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the 2050 Regional
Transportation Plan

Lesa Heebner Pipes Up | Dave Druker Pipes Up


Heebner Explains her YES Vote
Ann Gardner | Via Latina

Solana Beach Council Member Lesa Heebner responds to comments attributed to the Cleveland National Forest Foundation (CNFF) before that City’s Clean and Green Committee. Heebner and other North County representatives on the San Diego Association of Governments (SANDAG), including Del Mar Mayor Carl Hilliard, voted for a 2050 Regional Transportation Plan (RTP) that has been criticized by environmental groups and the Sandpiper.

CNFF: The Plan invests in freeways first and postpones additions to mass transit until about 2040.

HEEBNER: Absolutely untrue. There are over 200 transit projects at various stages, from planning to current construction along the Coaster route. Other transit projects include the Mid Coast Trolley and improvements to the Blue and Orange trolley lines that will be completed in the first and second decades of the RTP. Over the life of the Plan, 42 cents of each dollar is spent on transit, not including the managed lane projects. Granted more will be spent on transit in the third and fourth decades because that is when the money comes in. I welcome lobbying for more transit money sooner.

CNFF: RTP 2050 will not comply with the requirement to reduce Green House Gas emissions in the year 2050.

HEEBNER: The RTP exceeds the 2020 target and meets the 2035 target. Some gains will be lost from 2035 to 2050. This backsliding is of concern. One reason is few cities have Plans that go out to 2050 and the CA Air Resources Board model only goes out until 2040, so we have incomplete input. I also suspect roads will become more congested at that point and GHG emissions may increase. But the model can’t tell us at this point. In the final motion to approve the RTP, SANDAG agreed to address the backsliding including a commitment to create a prioritized Early Action Project List for pedestrian and bike plans, a Complete Streets Guide for member cities and to work on land use strategies in our update.

CNFF: The Plan does not consider alternatives.

HEEBNER: The Environmental Impact Report (EIR) explored a No Build alternative as well as a version of CNFF’s proposed 50/10 Plan (50 years of transit in ten years) which I would love to see happen but since the money does not all come within 10 years, is unfortunately impossible to implement. There has to be some basis in reality in order to analyze an alternative. The RTP EIR did analyze an alternative as close to the 50/10 plan as was feasible. The final list in the RTP is a set of projects that were a grand compromise, angering freeway proponents as well as transit proponents that resulted from hours of discussing various alternatives.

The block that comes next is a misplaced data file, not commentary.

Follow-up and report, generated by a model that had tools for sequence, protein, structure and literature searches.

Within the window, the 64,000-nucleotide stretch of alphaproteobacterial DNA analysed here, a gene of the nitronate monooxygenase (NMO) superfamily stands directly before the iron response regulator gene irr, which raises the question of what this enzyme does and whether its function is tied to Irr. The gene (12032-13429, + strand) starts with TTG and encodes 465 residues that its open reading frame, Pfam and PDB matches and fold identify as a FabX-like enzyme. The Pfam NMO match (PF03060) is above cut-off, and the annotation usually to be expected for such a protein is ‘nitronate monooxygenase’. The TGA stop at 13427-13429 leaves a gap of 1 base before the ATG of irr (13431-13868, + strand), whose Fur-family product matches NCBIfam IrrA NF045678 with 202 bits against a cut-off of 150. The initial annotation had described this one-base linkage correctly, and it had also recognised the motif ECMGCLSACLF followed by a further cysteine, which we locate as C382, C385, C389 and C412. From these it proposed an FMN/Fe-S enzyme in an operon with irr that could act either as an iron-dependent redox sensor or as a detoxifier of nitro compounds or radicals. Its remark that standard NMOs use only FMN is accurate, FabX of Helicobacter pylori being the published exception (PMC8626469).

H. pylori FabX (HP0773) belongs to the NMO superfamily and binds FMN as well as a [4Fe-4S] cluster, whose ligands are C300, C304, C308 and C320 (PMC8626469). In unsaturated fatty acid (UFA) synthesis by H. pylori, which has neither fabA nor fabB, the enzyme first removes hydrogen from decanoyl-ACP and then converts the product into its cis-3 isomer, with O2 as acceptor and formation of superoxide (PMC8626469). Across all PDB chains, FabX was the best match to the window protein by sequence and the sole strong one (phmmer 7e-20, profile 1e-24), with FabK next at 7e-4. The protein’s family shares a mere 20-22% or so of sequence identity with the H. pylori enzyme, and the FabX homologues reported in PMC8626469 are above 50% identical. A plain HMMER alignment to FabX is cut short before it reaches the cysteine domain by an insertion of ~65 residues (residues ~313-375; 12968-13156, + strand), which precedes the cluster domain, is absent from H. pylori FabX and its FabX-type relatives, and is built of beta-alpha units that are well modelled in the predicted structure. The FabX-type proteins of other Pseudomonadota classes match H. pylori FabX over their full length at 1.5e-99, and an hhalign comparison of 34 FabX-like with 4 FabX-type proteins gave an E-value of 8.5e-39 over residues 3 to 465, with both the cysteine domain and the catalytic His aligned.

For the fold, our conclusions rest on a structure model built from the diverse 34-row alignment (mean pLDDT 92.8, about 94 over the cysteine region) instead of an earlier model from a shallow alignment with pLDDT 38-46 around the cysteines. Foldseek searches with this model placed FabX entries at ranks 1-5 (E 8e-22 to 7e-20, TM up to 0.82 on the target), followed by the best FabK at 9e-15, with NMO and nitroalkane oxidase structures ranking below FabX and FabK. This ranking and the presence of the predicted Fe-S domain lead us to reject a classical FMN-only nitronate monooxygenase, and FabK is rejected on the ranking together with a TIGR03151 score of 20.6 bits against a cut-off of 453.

CNFF: Cited studies show support by California voters at up to 82% in favor of more mass transit.

HEEBNER: It is a shame we don’t have the money to do this. Currently the monies come in for either roads/highways or transit and you can’t use one for the other. If I had my druthers we would put in more transit sooner but knowing the projections for money, this RTP is more aggressive on transit than any plan before.

Heebner will be the featured speaker at the Del Mar Rotary Club meeting beginning at noon, March 22, at St. Peters Episcopal Church, 334 14th St. She will discuss Solana Beach’s development along Highway 101, especially as it relates to Del Mar’s proposals for Camino del Mar.

Editors note: Lesa Heebner is the Solana Beach SANDAG Representative, a former Mayor of Solana Beach, and currently on its City Council.

Lesa Heebner Pipes Up | Dave Druker Pipes Up


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